Close to 80 percent of websites don’t launch on time because the content needed from the client isn’t delivered on time.

content is a killer

You’ve probably had this experience. You’re all excited for a new website, you set a launch date, and then you are asked for content, images, videos, and audio files that don’t yet exist.

Suddenly your launch date gets closer and closer and you don’t have anything ready.

Following is a cheat sheet of things you can expect when it’s time to build a new website.

The Website Process

There are many things Wood Street—and other web design firms—focus on:

  • A very in-depth Q&A
  • A project management summary
  • Visual standards
  • Sitemap
  • Wireframes
  • Moodboards
  • Design
  • Development
  • Testing
  • Launch

Then there are things you should do together:

  • Strategy and branding
  • Review of the mission, vision, and values
  • Research of audience needs, marketing size, and a competitive analysis
  • Position
  • Messaging
  • Keyword research

As the site is being developed, though, content has to be created, revised, or repurposed.

This is where things tend to get sticky.

Most organizations have some of the content already developed, some can transfer from the existing site, and some of it has to be created.

Content Development Process

Here is the content development process we use for our clients at Arment Dietrich.

This should help you think through what you need to do before you hire a web firm.

  1. Content assessment. Dig into the analytics and determine which pages on the current site have the most unique pageviews. This helps determine which pages should transfer and which can die with the existing site. It drives the content strategy.
  2. Content marketing strategy. Using the information discovered during the messaging and keyword research phases, and in the above content assessment, a content marketing strategy must be completed. What is your editorial mission? What do you want to accomplish? What stories will you tell? How will you tell them?
  3. Write. Now it’s time to write. You put the editorial mission on paper. You tell the company’s story, from the perspective of the customer. You build the evidence. You create content for the keywords you’ve researched and prioritized. You create content that doesn’t yet exist. You format and build links. And you optimize the pages with title tags, ALT text, meta descriptions, and rich snippets.
  4. Edit. You cannot edit your own work when a website is coming together. There must be a process for at least two, if not three, other people to review what you’ve created. Have someone read the content out loud. Lots of mistakes will be found that way. Have an AP style expert take the next round. Then have a final review by a decision maker.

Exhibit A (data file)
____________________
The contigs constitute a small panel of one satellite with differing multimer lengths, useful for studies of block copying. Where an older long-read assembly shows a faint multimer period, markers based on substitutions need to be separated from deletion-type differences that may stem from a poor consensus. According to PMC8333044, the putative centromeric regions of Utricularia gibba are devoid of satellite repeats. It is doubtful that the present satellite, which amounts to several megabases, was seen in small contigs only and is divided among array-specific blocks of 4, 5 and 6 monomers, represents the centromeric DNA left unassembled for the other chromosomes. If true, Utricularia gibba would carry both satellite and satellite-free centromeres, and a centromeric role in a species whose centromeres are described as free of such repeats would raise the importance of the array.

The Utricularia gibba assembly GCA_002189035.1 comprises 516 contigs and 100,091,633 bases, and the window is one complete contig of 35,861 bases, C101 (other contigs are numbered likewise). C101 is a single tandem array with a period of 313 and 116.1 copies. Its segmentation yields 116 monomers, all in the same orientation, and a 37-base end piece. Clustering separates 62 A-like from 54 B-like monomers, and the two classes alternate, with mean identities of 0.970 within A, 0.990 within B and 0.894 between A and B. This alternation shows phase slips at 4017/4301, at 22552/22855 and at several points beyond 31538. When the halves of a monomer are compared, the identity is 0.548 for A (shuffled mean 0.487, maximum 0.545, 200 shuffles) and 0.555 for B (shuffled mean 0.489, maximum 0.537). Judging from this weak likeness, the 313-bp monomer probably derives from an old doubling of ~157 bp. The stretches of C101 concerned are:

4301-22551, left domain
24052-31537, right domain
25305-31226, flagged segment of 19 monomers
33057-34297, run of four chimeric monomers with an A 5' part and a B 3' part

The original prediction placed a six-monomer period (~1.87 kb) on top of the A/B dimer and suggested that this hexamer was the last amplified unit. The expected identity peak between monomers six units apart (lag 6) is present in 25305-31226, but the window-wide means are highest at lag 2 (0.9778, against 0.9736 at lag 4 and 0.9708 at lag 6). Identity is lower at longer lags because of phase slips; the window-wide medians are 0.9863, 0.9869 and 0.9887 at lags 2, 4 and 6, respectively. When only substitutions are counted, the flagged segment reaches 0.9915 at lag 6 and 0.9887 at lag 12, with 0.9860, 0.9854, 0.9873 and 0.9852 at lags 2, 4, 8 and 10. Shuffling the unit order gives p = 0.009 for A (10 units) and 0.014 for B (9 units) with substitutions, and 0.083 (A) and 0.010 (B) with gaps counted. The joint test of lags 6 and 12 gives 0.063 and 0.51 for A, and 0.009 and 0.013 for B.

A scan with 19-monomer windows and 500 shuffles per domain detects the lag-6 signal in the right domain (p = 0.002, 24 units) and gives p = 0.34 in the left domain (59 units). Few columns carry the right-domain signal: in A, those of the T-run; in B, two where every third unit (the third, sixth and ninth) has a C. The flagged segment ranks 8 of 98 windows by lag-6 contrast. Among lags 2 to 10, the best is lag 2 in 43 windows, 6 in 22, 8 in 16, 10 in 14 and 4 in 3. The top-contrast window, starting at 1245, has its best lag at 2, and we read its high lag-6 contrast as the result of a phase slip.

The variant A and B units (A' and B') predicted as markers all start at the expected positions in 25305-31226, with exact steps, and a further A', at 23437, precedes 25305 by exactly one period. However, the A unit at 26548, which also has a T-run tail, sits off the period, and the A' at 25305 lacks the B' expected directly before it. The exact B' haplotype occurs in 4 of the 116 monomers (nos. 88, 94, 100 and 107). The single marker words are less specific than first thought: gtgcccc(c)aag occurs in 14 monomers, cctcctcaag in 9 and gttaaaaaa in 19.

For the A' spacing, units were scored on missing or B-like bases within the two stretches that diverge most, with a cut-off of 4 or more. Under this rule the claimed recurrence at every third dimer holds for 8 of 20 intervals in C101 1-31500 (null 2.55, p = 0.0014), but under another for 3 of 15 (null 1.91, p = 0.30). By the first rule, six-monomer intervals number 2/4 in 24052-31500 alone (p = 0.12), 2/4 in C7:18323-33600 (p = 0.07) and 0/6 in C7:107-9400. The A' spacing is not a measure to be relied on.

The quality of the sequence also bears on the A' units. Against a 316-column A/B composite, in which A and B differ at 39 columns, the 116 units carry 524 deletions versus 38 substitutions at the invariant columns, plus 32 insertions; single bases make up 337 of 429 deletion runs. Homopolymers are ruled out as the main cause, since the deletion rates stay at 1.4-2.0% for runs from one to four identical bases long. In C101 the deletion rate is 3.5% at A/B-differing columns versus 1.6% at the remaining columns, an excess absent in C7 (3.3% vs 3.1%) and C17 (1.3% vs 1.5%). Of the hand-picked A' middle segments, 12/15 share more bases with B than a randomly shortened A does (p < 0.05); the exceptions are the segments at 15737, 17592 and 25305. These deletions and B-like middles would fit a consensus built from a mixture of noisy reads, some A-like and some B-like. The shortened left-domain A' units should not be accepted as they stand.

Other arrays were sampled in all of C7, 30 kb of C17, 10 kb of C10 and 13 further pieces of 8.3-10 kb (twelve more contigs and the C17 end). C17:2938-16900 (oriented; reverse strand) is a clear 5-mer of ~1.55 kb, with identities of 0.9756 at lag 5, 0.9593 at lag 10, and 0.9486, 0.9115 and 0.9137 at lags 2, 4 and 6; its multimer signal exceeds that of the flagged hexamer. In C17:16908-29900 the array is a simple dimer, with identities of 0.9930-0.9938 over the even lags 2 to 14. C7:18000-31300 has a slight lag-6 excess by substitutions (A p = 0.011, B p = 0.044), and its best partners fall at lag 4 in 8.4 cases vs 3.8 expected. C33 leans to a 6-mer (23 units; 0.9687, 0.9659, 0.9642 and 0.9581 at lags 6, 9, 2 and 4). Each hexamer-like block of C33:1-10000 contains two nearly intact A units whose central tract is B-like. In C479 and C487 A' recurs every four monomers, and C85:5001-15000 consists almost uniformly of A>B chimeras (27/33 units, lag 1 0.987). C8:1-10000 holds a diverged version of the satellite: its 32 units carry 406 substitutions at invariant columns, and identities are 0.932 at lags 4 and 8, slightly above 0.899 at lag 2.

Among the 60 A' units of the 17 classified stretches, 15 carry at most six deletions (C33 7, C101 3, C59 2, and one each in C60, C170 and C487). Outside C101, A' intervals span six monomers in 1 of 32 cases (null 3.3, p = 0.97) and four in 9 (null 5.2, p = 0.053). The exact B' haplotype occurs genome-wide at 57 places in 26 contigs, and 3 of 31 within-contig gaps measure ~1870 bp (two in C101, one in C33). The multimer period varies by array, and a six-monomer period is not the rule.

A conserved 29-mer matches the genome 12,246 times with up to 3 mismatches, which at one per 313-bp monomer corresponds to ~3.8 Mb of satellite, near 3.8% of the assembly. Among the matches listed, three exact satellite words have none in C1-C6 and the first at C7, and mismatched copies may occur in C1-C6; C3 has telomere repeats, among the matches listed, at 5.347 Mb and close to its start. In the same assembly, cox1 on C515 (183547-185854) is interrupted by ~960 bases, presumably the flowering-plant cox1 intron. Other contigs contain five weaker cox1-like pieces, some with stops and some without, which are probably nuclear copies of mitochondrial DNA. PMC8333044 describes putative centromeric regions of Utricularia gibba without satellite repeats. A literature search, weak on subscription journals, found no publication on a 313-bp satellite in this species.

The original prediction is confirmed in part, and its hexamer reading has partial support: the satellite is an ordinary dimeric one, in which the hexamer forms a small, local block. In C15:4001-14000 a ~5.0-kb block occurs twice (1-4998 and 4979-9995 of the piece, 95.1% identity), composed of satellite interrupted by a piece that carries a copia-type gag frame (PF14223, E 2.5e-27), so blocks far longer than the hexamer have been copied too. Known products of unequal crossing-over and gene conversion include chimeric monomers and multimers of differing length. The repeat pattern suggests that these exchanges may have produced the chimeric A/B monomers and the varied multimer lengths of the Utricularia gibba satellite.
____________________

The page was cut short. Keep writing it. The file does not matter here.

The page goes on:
5. Enter content. The web design firm can be hired now! It’s time to enter all of the content. Most web firms will provide you access to the development site so you can enter—and optimize—what you’ve created. Others will do it for you. No matter the process, this is when you’ll discover what text, images, and videos you’re still missing and how what you have looks in the new design.
  6. Rinse and dry. You may have to start with step three again, depending on if you’re missing anything once content gets uploaded. Then it’ll be time to pass it back over to the web firm to test and launch.

If you think about the project from this perspective, have all of your ducks in a row, and then hire the web design firm, you’ll be in that 20 percent that launch on time!

A very highly modified version of this first appeared on Spin Sucks.

Gini Dietrich is the founder and CEO of Arment Dietrich, a Chicago-based integrated marketing communication firm. She also is the founder of the professional development site for PR and marketing pros, Spin Sucks Pro, author of Spin Sucks and co-author of Marketing In the Round with fellow Wood Street guest blogger Geoff Livingston.

2 Responses to “Content Killed the Website Star!
  • I run a small startup company where we provide training. Being from SEO background I can feel how content is important in optimization and conversion. But as a small business I can really feel the pain of maintaining regularity. And outsourcing content is not always possible. So for small team company it is always not that easy to come up with fresh contents consistently but yes, if we can then definitely there is nothing better than this.

    • Soumya, like you, I run a small company. Here are a few things we do that might help you:
      * I write every, single day. I had to create a habit out of it, but now I can’t go without writing or it feels like I’m missing something. (I also write at 5 a.m. because I am an early bird and it doesn’t interrupt my regular day.)
      * We invite guest bloggers. We have two guests every week.
      * We create an editorial calendar that has monthly themes. For instance, November is planning month because everyone is getting ready for 2015. If you think about bigger themes like that, it gets a little easier.

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